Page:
Pay attention to what is going on in the unit. Is someone expecting an admission or a transfer? Is there anything you can do to help with that? Offer to help set up a room, keep an eye on the admitting nurse's other patients or run to the lab or the pharmacy. If someone transferring a patient out or discharging? You know how much paperwork is involved. Offer to check on her other patients, give Mr. Jones his pain medication or even, if you have the time, wheel her patient off the unit for her. I'm sure you'll find that if you offer specific help, your help will be well received!
    Madras likes this.
  7. 1
    Quote from Ruby Vee
    So please, practice looking friendly and approachable. It will do your career good in the long run.
    Good advice. I consider myself to be a very friendly and approachable guy, but my "default" look is definitely a poker face. Sing a happy song in your head, think of a funny joke, picture puppies romping around in the grass, etc... and maybe you'll smile without even knowing it.

    Sometimes I feel like but look like .
    It's something to work on.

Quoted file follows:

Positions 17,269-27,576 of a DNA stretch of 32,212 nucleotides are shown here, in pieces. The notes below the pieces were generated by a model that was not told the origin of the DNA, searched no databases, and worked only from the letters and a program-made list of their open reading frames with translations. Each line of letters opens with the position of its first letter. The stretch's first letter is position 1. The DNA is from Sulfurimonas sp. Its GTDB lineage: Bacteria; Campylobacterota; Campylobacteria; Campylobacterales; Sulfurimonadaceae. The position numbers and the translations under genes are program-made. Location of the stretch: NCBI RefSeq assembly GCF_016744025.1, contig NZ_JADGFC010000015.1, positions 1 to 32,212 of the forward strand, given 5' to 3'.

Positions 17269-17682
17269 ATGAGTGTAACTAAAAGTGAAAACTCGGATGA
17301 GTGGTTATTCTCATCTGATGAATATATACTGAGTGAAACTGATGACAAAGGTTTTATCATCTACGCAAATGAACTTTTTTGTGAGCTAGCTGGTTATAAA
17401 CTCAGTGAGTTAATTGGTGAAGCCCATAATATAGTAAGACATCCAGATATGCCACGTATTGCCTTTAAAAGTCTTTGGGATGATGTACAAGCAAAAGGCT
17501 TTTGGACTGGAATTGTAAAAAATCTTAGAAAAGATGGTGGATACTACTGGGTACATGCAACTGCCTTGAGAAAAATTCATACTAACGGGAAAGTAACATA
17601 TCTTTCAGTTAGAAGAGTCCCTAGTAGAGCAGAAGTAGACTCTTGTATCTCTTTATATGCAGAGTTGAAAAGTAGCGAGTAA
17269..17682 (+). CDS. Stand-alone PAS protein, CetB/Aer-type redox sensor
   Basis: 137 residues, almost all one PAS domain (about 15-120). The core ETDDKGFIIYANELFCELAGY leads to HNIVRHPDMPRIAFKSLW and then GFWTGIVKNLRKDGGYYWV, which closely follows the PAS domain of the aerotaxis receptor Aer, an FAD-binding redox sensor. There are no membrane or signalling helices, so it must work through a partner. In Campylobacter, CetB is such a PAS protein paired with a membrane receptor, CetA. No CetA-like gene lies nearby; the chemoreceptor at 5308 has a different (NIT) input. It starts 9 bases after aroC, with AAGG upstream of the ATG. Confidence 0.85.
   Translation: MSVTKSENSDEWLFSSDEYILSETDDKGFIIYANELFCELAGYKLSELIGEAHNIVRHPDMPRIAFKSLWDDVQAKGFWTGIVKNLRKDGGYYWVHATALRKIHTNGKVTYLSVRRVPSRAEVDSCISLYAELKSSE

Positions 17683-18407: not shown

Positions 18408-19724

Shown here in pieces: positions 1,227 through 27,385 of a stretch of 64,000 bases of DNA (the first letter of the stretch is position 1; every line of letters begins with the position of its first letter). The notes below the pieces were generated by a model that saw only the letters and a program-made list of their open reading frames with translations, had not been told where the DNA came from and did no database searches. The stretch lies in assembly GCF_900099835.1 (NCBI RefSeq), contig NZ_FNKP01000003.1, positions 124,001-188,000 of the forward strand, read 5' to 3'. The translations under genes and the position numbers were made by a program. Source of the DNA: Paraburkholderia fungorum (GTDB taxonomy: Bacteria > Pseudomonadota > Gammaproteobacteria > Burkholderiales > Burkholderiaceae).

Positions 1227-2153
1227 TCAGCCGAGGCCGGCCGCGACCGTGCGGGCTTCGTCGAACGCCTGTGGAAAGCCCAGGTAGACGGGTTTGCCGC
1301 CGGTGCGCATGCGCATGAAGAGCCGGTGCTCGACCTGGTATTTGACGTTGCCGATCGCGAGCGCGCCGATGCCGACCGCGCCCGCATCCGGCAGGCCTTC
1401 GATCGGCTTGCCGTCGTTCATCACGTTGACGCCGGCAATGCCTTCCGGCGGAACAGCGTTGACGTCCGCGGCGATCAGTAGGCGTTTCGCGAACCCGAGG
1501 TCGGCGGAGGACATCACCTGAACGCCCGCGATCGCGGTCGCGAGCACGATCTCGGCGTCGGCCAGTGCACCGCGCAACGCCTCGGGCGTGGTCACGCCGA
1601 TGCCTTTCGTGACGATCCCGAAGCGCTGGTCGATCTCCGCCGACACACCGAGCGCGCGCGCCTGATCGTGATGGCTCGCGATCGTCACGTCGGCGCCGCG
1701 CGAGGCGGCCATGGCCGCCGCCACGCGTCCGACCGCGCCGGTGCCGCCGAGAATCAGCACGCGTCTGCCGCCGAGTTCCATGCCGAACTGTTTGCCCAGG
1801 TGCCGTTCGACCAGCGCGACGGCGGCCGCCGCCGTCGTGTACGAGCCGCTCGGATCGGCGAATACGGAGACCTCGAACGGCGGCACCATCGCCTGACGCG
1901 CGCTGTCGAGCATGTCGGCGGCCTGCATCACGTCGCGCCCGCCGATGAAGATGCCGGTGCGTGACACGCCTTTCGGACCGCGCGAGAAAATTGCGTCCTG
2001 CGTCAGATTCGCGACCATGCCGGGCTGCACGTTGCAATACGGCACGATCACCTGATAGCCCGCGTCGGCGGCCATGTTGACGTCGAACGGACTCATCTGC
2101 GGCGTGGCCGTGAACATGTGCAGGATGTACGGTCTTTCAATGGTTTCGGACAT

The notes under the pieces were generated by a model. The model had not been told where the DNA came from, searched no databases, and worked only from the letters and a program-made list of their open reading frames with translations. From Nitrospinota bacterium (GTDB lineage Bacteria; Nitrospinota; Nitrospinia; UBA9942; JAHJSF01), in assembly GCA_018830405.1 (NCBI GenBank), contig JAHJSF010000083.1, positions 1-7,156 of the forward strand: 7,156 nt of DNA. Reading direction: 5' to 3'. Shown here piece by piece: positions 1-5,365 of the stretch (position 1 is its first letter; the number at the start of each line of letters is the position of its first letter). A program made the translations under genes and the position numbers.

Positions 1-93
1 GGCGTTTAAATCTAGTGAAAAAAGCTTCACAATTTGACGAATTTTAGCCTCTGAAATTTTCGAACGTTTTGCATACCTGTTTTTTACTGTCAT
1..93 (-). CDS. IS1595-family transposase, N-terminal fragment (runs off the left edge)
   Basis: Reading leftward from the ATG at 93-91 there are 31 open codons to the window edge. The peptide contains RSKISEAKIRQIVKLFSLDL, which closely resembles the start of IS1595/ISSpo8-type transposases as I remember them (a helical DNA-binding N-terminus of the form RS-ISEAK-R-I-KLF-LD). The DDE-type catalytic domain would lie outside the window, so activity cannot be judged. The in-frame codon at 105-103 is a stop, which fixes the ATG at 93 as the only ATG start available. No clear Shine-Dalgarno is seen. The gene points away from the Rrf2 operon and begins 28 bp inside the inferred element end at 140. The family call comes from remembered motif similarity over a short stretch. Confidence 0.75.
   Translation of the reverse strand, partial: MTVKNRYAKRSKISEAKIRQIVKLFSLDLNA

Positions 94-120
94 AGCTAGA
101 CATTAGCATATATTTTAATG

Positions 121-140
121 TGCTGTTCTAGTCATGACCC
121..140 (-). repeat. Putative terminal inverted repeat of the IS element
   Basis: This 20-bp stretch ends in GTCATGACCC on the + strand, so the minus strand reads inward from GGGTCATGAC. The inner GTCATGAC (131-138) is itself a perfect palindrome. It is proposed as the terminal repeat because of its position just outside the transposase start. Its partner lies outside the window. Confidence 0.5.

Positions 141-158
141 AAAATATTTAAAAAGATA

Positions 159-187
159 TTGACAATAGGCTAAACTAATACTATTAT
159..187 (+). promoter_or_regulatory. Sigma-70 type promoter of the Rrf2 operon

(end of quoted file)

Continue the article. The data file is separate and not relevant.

Best of luck!
    elijahvirgo likes this.
  8. 2
    I'm often accused of looking angry or mean. I'm not. My default face is what it is. Can't help it. It's my face, deal with it. No one can walk around with a smile plastered on their face. Take a second to speak to me and you'll see that I'm quite pleasant.
    markspiegs and elijahvirgo like this.
  9. 0
    didnt mean to go ghost on you all. that article was really helpful. and i never thought of it that way, "not inconsiderate or it wouldn't bother you"

    some of the advice here is pretty funny too, "learn to fix your face" lol. i cant imagine walking around trying to smile at everyone all day, aside from exhausting it seems...strange.

    im on the same page with eeffoc, talk to me a bit and youll see im pretty approachable
  10. 1
    This reminds me of a YouTube video called "b*tchy resting face" quite funny but rings a bit true to those of us "afflicted" by this "condition"
    IrishErin likes this.
  11. 0
    Quote from sarahd333
    This reminds me of a YouTube video called "b*tchy resting face" quite funny but rings a bit true to those of us "afflicted" by this "condition"
    Haha I've seen that'd video too me the way